by Jessica


Happy Monday, everyone!

Without further ado, I present my latest (tongue-in-cheek) Bible story, Diluvium. I’d love to hear your thoughts! Please post any feedback in the comments section, and have a great week,



Installment 1  ◊

It started with a cat. My daughter brought it home from school one day while I was still at work and when I get home, there’s this vile, flea-ridden cat in my living room.

“Excuse me,” I said. “What is this cat doing here?” I was still all grimy and sweaty from a long, hot day in the vineyards, so I couldn’t just march in and remove it myself. (I have a strict policy about no muddy boots in the living room, even when the person wearing the boots is me.) So I had to stand there, shouting for help.

You would think that when a man gets home after a hard day of working to support his family, the aforementioned family would flock to the door when he arrives, bringing him chilled wine, and possibly a cheese plate. But the only person around was my son. He was sitting in the window seat, gazing dreamily out at the olive trees, and he glanced up as if he had only just become aware of my presence.

“Cat?” says my son, scratching his head.

“Yes,” I snapped. “A cat. Right there in the living room. On my favorite chair.”

“Oh yeah,” said my son. “I hadn’t noticed it.”

“How could you not have noticed it?” I demanded. “It’s two feet away from you. It’s meowing.”

There are times when I’m concerned about my son’s IQ. He’s never been the brightest. He’s always moseying around the house mumbling to himself, and his mother says he’s writing poetry, but I haven’t seen anything resembling poetry come out of him so far. What I think is that he’s just about as nutty as his barmy great-grandfather, Methusaleh, but I try not to mention this because it upsets my wife. She says he’s a genius. Genius, my foot. The genius gets up off the window seat and examines the beast on the recliner.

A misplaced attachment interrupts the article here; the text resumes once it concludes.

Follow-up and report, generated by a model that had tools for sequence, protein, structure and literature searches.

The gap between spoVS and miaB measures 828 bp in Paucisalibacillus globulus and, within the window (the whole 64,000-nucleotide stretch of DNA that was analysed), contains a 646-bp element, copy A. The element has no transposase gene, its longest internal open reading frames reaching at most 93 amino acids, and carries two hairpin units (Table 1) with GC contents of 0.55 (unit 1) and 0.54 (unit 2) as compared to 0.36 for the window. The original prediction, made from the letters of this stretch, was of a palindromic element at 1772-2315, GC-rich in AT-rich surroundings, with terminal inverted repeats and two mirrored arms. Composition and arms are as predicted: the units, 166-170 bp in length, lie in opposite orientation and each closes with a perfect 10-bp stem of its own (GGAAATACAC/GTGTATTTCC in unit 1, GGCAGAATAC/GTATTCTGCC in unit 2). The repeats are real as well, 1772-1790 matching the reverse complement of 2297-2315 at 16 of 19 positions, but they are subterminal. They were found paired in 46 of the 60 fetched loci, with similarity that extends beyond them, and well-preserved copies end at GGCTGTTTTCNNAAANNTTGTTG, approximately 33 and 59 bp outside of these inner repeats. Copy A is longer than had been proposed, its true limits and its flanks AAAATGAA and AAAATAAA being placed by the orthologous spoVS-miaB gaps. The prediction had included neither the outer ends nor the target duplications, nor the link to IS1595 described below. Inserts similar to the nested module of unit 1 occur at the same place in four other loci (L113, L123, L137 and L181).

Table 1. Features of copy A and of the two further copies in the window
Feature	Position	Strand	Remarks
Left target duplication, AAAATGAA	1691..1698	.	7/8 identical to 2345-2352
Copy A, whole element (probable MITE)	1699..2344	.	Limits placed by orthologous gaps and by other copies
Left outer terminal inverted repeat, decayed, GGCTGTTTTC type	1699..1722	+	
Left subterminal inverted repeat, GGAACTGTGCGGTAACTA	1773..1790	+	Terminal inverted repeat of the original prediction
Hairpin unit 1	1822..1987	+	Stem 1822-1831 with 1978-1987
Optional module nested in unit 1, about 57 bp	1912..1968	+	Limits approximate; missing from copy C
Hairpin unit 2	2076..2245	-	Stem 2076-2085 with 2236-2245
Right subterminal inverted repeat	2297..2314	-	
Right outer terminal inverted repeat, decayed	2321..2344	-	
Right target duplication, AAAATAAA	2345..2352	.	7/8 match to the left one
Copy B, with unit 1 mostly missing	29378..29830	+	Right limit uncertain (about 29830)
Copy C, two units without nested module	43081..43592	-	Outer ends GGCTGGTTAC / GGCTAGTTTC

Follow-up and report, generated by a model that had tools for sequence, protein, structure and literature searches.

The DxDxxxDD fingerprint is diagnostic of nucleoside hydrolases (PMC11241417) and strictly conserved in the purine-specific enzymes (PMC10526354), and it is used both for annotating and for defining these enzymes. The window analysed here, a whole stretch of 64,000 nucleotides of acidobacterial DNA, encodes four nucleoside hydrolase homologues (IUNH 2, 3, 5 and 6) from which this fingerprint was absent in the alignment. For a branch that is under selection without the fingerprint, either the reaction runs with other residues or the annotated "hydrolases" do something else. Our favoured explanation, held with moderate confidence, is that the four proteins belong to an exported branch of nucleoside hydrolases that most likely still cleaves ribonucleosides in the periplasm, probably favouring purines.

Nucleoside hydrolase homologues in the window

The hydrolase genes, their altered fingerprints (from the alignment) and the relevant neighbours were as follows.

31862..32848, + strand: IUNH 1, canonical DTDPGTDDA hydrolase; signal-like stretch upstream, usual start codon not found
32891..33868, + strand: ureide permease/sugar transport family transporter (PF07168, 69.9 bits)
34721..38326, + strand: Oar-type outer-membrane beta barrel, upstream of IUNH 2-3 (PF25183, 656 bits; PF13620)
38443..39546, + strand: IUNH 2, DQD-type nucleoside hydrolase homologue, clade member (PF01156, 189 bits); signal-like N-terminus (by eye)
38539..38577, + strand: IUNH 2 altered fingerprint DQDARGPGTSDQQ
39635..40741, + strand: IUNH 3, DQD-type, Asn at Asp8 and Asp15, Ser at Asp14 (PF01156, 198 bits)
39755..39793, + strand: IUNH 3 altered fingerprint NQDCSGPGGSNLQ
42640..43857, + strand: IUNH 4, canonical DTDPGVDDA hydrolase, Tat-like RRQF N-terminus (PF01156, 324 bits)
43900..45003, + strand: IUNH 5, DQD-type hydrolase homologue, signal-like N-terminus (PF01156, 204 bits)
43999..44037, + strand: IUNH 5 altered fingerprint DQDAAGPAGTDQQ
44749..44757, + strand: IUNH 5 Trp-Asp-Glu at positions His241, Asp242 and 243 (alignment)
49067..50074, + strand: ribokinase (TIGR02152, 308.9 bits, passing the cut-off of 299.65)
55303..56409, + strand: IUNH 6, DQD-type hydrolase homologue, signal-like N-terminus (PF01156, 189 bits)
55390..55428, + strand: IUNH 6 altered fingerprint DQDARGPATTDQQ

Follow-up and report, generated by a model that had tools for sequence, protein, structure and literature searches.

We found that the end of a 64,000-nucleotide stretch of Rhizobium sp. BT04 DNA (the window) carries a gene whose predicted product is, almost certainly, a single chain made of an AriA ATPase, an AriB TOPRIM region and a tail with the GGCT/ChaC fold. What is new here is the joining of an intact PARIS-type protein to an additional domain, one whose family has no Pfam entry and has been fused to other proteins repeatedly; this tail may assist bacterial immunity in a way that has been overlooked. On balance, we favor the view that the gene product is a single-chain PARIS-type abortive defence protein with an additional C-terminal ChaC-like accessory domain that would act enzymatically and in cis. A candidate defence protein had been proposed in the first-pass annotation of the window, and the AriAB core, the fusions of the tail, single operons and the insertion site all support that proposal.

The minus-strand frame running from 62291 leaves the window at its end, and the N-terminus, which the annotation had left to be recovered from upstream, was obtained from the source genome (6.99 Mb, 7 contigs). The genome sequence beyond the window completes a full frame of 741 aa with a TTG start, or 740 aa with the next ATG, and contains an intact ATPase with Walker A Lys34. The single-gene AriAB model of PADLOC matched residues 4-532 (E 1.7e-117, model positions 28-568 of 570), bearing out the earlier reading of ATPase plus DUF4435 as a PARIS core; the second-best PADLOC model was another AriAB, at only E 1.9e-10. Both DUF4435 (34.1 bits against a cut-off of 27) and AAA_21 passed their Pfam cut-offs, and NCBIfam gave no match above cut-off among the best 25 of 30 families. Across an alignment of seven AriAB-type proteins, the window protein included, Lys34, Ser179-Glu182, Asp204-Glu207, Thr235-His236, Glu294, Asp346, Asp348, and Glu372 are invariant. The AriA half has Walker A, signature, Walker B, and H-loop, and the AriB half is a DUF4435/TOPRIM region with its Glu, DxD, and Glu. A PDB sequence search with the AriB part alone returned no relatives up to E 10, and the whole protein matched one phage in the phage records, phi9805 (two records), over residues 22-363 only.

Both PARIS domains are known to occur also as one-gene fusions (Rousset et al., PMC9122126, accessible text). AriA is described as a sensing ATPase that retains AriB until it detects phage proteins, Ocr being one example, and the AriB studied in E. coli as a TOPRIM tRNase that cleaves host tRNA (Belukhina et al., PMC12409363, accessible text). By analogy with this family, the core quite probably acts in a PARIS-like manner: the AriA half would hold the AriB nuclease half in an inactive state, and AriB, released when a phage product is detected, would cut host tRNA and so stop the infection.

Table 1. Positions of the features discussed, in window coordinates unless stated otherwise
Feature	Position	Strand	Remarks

“You’re right,” he confirms. “It’s a cat.”

“No kidding,” I tell him sarcastically, “I’m not having a problem identifying it. I’m having a problem removing it. Now, pick it up and dump it out the window.”

“But Dad,” says my son. “It’s so cute.”

I glare at him. What you have to understand about me is that I hate animals. Hate them. There are some people out there who say, “what, you don’t like dogs? You must be a terrible person.” Well, guess what: I don’t like dogs! Mangy, flea-bitten, confounding creatures, always wanting to go in and out, in and out. (Why can’t they make up their minds??) Guess that makes me a bad person then. Too bad, so sad; I must have some other redeeming qualities though, or I wouldn’t be the one telling this story in the first place, would I? The dog isn’t even the worst of it. Muskrats; they get to me. And the parakeet! I just can’t stand the parakeet. So this whole situation was ironic from the beginning.

I’m standing there in my living room, trying to decide if it will be faster to try to hammer some logic into my son’s brain, or go upstairs, change my boots, wash the mud off my hands, come downstairs and remove the cat myself (and frankly I’m leaning toward the second option) when my daughter comes in.

“Hey Dad,” she says, flopping down on the sofa. “What’s new?”

“Well,” I say, “I can’t help noticing that there’s a cat on my armchair, which was not previously there.”

“I know,” she beams. “I adopted it.”


“It’s my new pet.”

I close my eyes.

“Zarabetha,” I tell her, “you do not need a pet. We live on a farm, for crying out loud. If you want something to cuddle with, we have a perfectly good camel, two donkeys, and an entire flock of lambs.”

“We don’t have the lambs anymore, Dad,” argues my daughter.

“What are you talking about, we don’t have lambs? Of course we have lambs! A whole flock of them, out there in the field, eating me out of house and home!”

“Not anymore, Dad. You slaughtered them.”

I rang for my steward. He confirmed that we slaughtered the lambs.